HURRICANE recounts the harrowing, inspiring odyssey of Rubin "Hurricane" Carter, a black boxer wrongly convicted of three murders, from fierce despair to freedom and enlightenment. On June 17, 1966, two black men strode into the Lafayette Grill, a white redoubt in racially mixed Paterson, NJ, and shot three people to death. Rubin Carter and his young acquaintance John Artis were not those men, but they were convicted of the murders in a highly publicized and racially charged trial. Fiercely outspoken at the best of times, Carter raged against his imprisonment and vehemently refused to subject himself to its regimens. He shunned the prison's food, insisted on keeping his ornate gold watch, and refused to don prison garb, even after a hellish month in the "hole," where his own clothes literally rotted off him. He also became the apotheosis of the jailhouse lawyer, poring over the vast transcript of his trial, immersing himself in dense case books, and penning his own legal documents.
Over the next decade, Carter amassed convincing evidence of his innocence and the vocal support of numerous celebrities (Bob Dylan’s song "Hurricane" was but one example). He was freed pending a new trial only to lose his appeal, to the astonishment of many, and land back in prison. He languished there at his lowest ebb, robbed not only of his freedom, but of his wife (whom he divorced to lessen her share of his torment) and of his eye (lost in a botched prison operation). He avoided almost all human contact, until he received a letter from Lesra Martin, a teenager raised in a Brooklyn ghetto. Against his bitter instincts, Carter agreed to meet with Martin, thus taking the first step on a long, tortuous path back into the world. Martin introduced Carter to an enigmatic group of Canadians, including a strong-willed woman with whom he would commence an intense, unlikely romance. In the process, the Canadians would help wage an international battle to free him.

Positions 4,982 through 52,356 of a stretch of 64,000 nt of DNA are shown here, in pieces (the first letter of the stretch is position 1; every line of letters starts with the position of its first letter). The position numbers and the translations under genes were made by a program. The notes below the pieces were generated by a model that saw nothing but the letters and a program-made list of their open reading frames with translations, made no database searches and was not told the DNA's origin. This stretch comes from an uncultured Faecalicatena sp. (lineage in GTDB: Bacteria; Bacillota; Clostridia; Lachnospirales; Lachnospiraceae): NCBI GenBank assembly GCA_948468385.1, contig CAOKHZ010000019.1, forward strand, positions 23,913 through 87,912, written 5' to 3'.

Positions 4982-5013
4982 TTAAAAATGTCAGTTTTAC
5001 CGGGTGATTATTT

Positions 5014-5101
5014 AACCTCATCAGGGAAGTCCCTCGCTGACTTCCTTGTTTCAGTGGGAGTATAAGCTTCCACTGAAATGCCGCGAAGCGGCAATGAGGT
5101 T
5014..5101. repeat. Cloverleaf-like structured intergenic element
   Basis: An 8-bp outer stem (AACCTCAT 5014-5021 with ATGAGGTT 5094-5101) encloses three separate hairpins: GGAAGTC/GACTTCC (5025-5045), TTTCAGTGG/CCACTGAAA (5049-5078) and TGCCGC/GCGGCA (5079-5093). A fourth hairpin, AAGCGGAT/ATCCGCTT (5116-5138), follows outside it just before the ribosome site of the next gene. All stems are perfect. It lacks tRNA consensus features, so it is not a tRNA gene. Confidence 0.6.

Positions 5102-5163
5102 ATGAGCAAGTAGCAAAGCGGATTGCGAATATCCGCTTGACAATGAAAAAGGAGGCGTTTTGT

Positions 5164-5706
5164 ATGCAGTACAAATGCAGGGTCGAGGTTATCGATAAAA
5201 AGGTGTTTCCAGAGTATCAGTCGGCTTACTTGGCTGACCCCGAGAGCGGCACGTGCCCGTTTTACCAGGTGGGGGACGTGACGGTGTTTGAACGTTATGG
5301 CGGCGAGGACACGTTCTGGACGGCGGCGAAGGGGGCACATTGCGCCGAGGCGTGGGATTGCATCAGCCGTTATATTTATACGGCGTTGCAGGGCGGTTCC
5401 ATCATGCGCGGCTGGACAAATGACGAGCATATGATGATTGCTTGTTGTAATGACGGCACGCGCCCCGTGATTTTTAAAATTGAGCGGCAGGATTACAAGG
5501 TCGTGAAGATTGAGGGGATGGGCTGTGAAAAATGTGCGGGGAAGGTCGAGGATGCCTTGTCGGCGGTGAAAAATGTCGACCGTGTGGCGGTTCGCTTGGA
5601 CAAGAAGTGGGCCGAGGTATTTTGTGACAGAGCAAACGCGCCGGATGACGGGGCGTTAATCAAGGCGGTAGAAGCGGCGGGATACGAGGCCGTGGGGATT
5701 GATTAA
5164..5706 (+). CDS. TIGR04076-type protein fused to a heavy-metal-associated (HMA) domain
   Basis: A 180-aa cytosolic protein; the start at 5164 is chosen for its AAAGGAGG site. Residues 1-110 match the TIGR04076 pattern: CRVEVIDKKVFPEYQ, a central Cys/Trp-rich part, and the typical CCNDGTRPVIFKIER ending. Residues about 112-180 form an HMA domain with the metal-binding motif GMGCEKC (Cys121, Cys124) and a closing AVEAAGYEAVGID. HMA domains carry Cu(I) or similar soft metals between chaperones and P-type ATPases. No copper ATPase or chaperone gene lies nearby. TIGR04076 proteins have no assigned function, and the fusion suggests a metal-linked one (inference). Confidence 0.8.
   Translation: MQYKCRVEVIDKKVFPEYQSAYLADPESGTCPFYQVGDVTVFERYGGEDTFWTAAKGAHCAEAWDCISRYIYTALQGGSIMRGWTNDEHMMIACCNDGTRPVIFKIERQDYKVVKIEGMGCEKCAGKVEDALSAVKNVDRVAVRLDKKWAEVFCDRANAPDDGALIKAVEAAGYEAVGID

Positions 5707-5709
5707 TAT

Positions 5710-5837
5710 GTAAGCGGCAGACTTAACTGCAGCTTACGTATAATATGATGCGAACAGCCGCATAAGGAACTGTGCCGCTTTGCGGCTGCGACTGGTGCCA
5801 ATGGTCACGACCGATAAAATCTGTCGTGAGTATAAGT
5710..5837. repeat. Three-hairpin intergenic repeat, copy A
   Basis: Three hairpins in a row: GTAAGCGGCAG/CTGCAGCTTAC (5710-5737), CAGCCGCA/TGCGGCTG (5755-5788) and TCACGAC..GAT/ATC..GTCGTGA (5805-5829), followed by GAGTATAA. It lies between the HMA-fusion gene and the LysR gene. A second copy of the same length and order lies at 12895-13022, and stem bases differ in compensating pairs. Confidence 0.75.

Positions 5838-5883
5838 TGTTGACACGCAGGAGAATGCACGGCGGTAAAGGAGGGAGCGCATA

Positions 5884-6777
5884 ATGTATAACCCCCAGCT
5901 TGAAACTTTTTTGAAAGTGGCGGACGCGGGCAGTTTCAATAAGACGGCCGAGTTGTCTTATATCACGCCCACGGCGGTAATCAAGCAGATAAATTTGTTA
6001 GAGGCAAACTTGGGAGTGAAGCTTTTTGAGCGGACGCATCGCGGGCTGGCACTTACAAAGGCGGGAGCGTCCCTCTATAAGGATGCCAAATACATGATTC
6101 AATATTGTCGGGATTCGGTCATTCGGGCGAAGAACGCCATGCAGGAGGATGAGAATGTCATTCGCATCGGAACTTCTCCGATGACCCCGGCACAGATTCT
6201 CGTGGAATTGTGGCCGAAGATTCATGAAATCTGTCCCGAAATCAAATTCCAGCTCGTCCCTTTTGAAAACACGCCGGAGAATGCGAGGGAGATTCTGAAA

Even as Carter orchestrated this effort from his cell, he embarked on a singular intellectual journey that would lead ultimately to a freedom more profound than any legal authority could grant him. Through an intensive course of study whose texts ran from Victor Frankl to Malcolm X to Hermann Hesse, he gradually raised his consciousness, quelled his rage, and even forgave his captors. James Hirsch has crafted a superb exploration of the nexus of race, sports, and justice. HURRICANE is at once a poignant chronicle of jailhouse redemption, a compelling account of David vs. Goliath court fights, and a revealing history of one of the most dramatic and controversial episodes in the saga of civil rights in America.